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Justice, force.—Il est juste que ce qui est juste soit suivi, il est nécessaire que ce qui est le plus fort soit suivi. La justice sans la force est impuissante; la force sans la justice est tyrannique. La justice sans force est contredite, parce qu’il y a toujours des méchants; la force sans la justice est accusée. Il faut donc mettre ensemble la justice et la force, et, pour cela, faire que ce qui est juste soit fort, ou que ce qui est fort soit juste.
Justice, force.–It is proper that what is just should be obeyed; it is necessary that what is strongest should be obeyed. Justice without force is helpless; whereas the use of force without justice is tyrannical. Justice without force is futile, for there shall always be the wicked; but force without justice is always to be condemned. It follows that we must always combine justice and force and, to this end, what is just must always be made strong, or what is strong just.
–Blaise Pascal, Pensées ch. iii, sec. 285 (1660) in: Œuvres complètes p. 1160 (Pléiade ed. 1969)(S.H. transl.)
More from Scott Horton:
Six Questions — October 18, 2014, 8:00 pm
Nathaniel Raymond on CIA interrogation techniques.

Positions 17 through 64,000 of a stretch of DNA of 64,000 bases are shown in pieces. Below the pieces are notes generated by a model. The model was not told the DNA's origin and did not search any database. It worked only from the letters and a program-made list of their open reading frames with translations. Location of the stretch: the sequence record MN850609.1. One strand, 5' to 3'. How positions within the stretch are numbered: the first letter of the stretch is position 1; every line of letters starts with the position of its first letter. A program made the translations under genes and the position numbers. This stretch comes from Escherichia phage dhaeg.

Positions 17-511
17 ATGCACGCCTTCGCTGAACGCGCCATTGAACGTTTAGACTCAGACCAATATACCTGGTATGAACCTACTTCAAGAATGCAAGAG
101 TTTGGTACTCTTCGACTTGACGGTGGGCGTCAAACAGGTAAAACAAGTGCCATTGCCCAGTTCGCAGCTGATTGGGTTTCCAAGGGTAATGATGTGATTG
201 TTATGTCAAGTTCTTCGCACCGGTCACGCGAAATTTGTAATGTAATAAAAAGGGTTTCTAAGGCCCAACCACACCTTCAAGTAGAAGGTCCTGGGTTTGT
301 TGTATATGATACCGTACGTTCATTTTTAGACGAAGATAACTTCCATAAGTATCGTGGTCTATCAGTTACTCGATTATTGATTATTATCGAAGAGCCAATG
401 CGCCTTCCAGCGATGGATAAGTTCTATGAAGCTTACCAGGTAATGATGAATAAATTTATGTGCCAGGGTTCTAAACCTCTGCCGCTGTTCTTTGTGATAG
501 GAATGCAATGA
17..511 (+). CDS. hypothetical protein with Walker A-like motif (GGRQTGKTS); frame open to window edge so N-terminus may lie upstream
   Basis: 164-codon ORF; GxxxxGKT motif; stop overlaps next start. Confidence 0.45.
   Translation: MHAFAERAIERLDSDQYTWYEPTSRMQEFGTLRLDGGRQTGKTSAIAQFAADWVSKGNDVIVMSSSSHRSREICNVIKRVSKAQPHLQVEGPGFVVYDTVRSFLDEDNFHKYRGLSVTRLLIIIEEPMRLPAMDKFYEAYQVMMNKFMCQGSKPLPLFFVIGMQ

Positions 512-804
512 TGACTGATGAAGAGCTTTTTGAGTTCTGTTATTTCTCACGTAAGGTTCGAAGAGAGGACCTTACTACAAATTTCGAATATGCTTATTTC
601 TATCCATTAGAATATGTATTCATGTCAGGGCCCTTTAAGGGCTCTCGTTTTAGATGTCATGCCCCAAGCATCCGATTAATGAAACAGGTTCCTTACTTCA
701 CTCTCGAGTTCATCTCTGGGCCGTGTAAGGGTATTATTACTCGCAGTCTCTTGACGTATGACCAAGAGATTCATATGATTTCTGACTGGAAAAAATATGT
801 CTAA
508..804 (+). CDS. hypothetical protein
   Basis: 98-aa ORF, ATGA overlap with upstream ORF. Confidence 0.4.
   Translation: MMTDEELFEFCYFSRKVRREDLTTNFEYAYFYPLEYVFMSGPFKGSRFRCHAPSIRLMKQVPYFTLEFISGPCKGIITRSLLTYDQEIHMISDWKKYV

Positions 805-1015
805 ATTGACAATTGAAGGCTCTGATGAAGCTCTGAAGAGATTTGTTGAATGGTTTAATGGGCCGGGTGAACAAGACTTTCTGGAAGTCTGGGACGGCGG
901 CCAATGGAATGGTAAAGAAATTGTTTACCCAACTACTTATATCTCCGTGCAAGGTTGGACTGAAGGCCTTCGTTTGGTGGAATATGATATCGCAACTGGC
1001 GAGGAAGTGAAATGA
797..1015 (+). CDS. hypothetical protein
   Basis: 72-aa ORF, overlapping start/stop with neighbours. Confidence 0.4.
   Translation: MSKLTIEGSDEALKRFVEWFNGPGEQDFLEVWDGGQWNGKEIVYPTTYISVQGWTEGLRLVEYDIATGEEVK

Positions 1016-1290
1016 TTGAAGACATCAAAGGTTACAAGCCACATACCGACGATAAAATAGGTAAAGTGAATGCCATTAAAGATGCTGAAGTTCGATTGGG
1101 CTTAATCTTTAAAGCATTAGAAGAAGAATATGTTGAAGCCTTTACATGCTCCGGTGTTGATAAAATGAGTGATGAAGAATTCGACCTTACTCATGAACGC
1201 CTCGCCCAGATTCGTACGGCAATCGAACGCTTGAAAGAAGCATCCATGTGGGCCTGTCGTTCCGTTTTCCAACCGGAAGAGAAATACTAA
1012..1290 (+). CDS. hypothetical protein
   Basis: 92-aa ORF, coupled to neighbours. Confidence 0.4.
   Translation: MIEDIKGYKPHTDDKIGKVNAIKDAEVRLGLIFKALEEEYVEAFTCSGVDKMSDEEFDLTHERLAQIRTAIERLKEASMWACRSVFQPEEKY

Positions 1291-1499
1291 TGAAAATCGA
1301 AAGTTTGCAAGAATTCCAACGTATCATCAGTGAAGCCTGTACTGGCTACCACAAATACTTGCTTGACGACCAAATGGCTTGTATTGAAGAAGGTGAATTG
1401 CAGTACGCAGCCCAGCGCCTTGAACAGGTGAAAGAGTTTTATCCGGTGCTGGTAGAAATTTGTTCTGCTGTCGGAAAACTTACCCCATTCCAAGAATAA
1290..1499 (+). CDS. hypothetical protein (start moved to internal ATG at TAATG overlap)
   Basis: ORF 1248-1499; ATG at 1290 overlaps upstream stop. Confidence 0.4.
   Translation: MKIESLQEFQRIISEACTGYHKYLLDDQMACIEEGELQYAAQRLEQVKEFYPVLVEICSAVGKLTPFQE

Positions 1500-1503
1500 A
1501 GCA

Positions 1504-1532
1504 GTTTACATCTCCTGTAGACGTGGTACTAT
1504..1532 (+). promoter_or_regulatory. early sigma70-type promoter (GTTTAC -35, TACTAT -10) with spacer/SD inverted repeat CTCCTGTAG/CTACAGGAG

Mark Denbeaux on the NCIS cover-up of three “suicides” at Guantánamo Bay Detention Camp
From the June 2014 issue
Acres of hemp grown by “patriotic‚” U.S. farmers in 1942 at the behest of the U.S. government:
A study suggested that the health effects of exposure to nuclear radiation at Chernobyl were no worse than ill health resulting from smoking and normal urban air pollution.
Greenpeace apologized after activists accidentally defaced the site of Peru’s 2,000-year-old Nazca Lines when they unfurled cloth letters reading “time for change” near the ancient sand drawings. “We fully understand,” the group wrote in a statement, “that this looks bad.”
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“I hope that after reading the following pages the leaders of the Y. M. C. A. will start a campaign to induce good young men to do nothing. If so, I shall not have lived in vain.”